National University

President Emeritus of Stanford Lauds National University at 40th Anniversary Luncheon

One of the most respected leaders in academia returned to National University in January to laud the institution’s leadership in higher education over the past decade and wish staff and faculty a happy 40th birthday.

Donald Kennedy, Ph.D., President Emeritus of Stanford University, one-time commissioner of the U.S. Food and Drug Administration and former editor-in-chief of Science, the weekly publication of the American Association for the Advancement of Science, was the keynote speaker at a 40th Anniversary luncheon. He praised the “significant role” that National has played, “not only in leading other non-profit, private institutions along the same path, but also in delivering a sound and successful alternative to the several for-profit alternatives that are now getting difficult operating questions from the public, and sometimes critical attention from the Congress.”

It was Dr. Kennedy’s second visit to National University. He was the keynote speaker at the grand opening of the Spectrum campus in Kearny Mesa in September 2000, praising President Jerry C. Lee at the time for “setting new trends in higher education and successfully meeting the needs of “a new set of students.”

“Times change,” said Dr. Kennedy on January 24, before a packed banquet room at the Hyatt Aventine in La Jolla. “And the situation in the world of events, ideas, and the communication media in which those are now brought out for public consideration could not possibly differ more from those that prevailed when I first visited here.”

He went on to emphasize how “these new times surely reconfigure what we need to do for our students -- whether one of them is a 20-year old Stanford undergraduate, or a 32-year-old National University student doing a course in management. Either he or she will need to find a way through an information universe of highly variable content and sometime dubious authority. Educational strategies, beyond clear thinking and sound habits of mind, will be needed to confer on our students a kind of “intellectual taste” that will help them sort the realistic and verifiable new knowledge from the earnest advertisements of opinion.”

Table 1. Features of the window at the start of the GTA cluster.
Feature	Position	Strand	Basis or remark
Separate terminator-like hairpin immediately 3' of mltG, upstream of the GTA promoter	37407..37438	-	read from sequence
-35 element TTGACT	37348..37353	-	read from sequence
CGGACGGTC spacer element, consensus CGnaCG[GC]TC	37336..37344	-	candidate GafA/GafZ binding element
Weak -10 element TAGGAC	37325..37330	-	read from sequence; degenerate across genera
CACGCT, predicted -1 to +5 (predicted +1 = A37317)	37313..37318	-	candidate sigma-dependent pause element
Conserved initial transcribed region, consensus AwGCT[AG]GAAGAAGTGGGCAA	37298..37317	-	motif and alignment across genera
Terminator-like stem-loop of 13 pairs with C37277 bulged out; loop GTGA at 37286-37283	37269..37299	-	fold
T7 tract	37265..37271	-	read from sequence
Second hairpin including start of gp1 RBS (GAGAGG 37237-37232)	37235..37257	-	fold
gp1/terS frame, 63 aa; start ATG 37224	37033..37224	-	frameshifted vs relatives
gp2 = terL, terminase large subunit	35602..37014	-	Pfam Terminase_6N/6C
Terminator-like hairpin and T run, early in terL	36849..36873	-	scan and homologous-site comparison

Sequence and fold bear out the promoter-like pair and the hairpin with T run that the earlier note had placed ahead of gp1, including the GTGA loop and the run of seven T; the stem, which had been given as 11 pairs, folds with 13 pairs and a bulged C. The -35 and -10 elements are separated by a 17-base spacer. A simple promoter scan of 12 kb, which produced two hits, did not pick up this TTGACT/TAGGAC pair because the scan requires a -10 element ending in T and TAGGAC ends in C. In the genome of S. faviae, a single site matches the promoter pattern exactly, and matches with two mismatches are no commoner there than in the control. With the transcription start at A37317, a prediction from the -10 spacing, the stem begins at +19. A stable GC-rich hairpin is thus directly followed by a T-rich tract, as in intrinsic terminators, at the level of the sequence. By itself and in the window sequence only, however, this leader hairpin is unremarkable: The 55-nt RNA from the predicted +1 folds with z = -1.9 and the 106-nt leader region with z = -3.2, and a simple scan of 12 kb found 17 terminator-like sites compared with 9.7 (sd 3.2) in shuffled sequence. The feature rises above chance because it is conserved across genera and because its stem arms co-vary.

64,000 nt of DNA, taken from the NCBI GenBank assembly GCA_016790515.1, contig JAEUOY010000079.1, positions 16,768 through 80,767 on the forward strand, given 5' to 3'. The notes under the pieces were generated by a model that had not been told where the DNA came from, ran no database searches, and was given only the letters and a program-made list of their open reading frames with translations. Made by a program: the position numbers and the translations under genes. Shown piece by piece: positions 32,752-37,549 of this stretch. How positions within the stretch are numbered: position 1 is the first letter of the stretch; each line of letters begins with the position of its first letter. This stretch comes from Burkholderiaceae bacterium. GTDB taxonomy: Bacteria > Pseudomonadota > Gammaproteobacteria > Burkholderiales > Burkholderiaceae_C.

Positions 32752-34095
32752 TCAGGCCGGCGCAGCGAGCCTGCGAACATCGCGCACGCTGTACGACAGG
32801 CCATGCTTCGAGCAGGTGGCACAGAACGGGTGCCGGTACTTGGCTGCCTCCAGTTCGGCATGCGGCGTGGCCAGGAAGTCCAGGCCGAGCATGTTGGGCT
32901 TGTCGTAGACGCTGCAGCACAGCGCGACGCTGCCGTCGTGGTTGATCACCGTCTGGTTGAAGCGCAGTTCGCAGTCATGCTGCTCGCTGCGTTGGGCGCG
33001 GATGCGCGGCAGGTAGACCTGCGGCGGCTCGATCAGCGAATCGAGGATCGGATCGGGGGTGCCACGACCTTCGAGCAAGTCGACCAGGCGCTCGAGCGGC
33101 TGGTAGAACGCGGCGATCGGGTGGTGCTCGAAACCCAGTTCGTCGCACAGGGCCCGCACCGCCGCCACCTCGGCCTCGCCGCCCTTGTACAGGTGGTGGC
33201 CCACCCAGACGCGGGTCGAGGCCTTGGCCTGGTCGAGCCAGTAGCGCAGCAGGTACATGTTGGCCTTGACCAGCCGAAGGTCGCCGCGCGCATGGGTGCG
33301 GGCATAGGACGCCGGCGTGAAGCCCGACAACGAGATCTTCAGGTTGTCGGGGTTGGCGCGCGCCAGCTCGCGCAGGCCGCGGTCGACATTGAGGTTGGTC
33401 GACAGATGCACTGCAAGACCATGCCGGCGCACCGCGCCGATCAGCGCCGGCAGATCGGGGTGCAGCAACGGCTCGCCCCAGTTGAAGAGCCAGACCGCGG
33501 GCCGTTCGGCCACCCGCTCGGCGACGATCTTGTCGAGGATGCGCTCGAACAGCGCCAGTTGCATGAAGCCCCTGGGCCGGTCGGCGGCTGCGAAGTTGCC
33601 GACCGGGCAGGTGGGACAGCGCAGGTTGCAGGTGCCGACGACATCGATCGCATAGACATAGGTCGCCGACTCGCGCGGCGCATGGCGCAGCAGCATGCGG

Dr. Kennedy went on to discuss the emerging challenges that National and other institutions face in educating older, non-traditional students. He emphasized that those challenges transcend the occupational or workforce requirements that are sometimes categorized as “societal needs.”

“In this age, he continued, “The most imposing societal need is for citizens who can, for example, test the value of a proposal or a claim by recognizing and stripping away the special interests of the proposer or claimant.”

That sort of critical thinking is relevant and pertinent to all the sectors of human study, as Dr. Kennedy pointed out; including economics, the organization of social systems, human behavior, and history.

“The great dilemmas of societies have entailed struggles over competing ideas: communitarianism vs. individualism; authoritarian vs. democratic organization; federalism vs. regionalism. Confronting such differences is one of the ways in which we as individuals evolve the principles we will choose to guide our lives. There isn’t an easy alternative.”

In conclusion, the University’s distinguished guest said he hoped very much that part of the greater educational mission that National and all other universities share will be to prepare minds that are likely to work like that.

“I am sure that the classrooms here are supplying the ingredients for that kind of product, and I wish you all the very best on this very impressive 40th birthday.”

To read the complete transcript of Dr. Kennedy's speech, click here.